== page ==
Denver Zoo Welcomes Przewalski’s Horse Foal

The Przewalskis horse foal recently born at the Denver Zoo.  Copyright Denver Zoo.

The Przewalski’s horse foal recently born at the Denver Zoo. Copyright Denver Zoo.

Denver Zoo is celebrating the birth of an endangered Przewalski’s (sheh-VAL-skee’s) horse foal, born on the morning of May 31. The unnamed foal, whose gender is still not known, is not only the first birth for mother, Yisun, and father, Bataar, but also the first birth of its species at Denver Zoo since 1991. The foal is quietly exploring its yard under the watchful eye of its mother, but guests can see them both from the Zoo’s main pathway now.

The Przewalski’s horse is considered the only remaining, truly “wild” horse in the world and may be the closest living wild relative of the domesticated horse. There are a number of other wild equine species, including three species of zebra, and various subspecies of the African wild ass, onager and kiang.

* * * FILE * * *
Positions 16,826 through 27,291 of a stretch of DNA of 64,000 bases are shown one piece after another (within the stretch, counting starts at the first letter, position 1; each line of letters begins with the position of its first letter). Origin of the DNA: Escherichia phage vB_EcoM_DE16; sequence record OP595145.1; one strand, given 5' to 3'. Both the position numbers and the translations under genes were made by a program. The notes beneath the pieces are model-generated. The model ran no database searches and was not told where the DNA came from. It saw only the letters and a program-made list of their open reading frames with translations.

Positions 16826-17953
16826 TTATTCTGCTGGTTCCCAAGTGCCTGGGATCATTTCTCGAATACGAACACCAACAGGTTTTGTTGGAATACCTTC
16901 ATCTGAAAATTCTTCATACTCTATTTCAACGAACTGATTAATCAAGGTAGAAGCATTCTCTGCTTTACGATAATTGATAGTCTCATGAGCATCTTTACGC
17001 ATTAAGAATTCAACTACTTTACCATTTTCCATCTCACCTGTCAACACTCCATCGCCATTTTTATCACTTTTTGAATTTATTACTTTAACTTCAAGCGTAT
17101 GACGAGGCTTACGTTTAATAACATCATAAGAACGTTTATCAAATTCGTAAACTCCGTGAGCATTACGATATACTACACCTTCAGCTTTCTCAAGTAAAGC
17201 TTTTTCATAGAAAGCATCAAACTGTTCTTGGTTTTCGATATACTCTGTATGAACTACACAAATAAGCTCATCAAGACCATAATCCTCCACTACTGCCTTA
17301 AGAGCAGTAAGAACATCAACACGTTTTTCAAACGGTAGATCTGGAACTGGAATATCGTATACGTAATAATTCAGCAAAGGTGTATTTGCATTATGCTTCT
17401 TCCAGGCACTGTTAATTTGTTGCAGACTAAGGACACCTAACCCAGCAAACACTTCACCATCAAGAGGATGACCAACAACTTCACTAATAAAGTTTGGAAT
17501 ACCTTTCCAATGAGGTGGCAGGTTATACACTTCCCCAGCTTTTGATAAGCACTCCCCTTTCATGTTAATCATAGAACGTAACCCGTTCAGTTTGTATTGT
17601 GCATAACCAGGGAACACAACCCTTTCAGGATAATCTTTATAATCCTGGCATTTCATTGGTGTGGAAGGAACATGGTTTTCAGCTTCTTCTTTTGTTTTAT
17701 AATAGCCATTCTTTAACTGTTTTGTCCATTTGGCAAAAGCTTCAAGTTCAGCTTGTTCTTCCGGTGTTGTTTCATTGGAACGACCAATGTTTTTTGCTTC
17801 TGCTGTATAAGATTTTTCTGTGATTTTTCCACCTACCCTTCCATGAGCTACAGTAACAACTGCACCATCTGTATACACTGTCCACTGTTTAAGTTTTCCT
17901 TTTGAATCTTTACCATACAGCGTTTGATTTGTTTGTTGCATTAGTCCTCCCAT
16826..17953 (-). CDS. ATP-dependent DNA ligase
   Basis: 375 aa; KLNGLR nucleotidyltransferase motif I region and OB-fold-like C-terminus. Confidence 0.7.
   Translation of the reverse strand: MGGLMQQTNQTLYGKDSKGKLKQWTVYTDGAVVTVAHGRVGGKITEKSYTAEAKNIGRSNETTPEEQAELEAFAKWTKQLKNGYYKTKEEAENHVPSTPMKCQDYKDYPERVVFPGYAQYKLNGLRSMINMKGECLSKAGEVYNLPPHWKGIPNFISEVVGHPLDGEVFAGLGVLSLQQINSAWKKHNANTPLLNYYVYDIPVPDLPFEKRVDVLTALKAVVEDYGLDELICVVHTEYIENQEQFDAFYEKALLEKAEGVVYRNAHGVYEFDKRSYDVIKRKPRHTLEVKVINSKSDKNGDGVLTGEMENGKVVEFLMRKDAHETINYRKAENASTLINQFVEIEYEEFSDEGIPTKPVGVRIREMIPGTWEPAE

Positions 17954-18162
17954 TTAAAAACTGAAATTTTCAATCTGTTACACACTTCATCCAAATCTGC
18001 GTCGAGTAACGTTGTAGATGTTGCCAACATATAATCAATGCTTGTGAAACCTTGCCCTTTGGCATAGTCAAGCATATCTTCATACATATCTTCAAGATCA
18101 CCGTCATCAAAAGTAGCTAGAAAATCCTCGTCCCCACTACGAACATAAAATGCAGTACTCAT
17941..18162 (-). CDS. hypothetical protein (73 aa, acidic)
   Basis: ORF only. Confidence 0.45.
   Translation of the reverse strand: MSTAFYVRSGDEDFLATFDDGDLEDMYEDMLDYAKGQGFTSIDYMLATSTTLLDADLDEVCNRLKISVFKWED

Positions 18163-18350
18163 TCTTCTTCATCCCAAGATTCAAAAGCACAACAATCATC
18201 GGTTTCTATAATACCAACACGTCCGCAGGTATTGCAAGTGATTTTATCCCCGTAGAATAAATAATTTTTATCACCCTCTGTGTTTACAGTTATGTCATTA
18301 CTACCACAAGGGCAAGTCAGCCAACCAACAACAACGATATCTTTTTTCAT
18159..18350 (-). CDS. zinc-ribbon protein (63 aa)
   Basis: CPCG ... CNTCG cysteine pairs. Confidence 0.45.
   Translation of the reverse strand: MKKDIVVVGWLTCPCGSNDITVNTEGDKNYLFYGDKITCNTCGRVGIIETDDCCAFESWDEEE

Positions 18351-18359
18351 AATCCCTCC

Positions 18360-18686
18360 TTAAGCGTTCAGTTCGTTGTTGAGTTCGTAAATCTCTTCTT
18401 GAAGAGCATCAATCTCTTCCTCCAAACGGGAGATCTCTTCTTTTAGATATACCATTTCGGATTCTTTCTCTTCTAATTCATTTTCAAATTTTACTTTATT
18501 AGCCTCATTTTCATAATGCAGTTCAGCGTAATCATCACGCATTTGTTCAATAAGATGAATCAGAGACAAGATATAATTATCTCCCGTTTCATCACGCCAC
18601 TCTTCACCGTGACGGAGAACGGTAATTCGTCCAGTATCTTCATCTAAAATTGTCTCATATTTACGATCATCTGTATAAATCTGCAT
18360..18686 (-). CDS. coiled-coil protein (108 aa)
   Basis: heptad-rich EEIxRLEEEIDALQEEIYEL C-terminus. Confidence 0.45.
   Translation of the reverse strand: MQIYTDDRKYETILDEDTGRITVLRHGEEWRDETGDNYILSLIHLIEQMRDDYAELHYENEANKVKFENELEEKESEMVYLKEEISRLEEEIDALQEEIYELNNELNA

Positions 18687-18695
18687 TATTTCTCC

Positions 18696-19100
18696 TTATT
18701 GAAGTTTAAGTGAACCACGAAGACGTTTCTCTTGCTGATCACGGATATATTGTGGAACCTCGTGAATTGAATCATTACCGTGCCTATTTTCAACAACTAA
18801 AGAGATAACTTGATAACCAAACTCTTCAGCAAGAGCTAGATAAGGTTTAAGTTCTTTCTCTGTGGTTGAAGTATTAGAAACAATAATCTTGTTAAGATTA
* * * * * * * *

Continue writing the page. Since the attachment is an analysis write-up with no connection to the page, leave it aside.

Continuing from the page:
Przewalski’s horses, also called Mongolian wild horses or Asiatic wild horses, once roamed throughout Europe and Asia. Today they are only found on reserves in Mongolia and China and in zoos around the world. The species was actually extinct in the wild for almost 30 years, before reintroduction projects began in the early 1990’s. The horses faced a number of threats that may have led to their extinction, including hunting, military activities and competition with livestock for resources.

Captive breeding programs, supported by zoos, helped keep this species from disappearing completely from the globe. Recent estimates indicate that there are now more than 300 in the wild and the International Union for Conservation of Nature (IUCN) classifies them as endangered. Denver Zoo has a small herd, which helps support these efforts. This new foal is an exciting addition to the world population.

Tim Lewthwaite

This entry was posted in Animal Health, Conservation, Denver Zoo, Exhibits, Przewalski's Horse, Wildlife, Zoo and tagged , , , , , . Bookmark the permalink.

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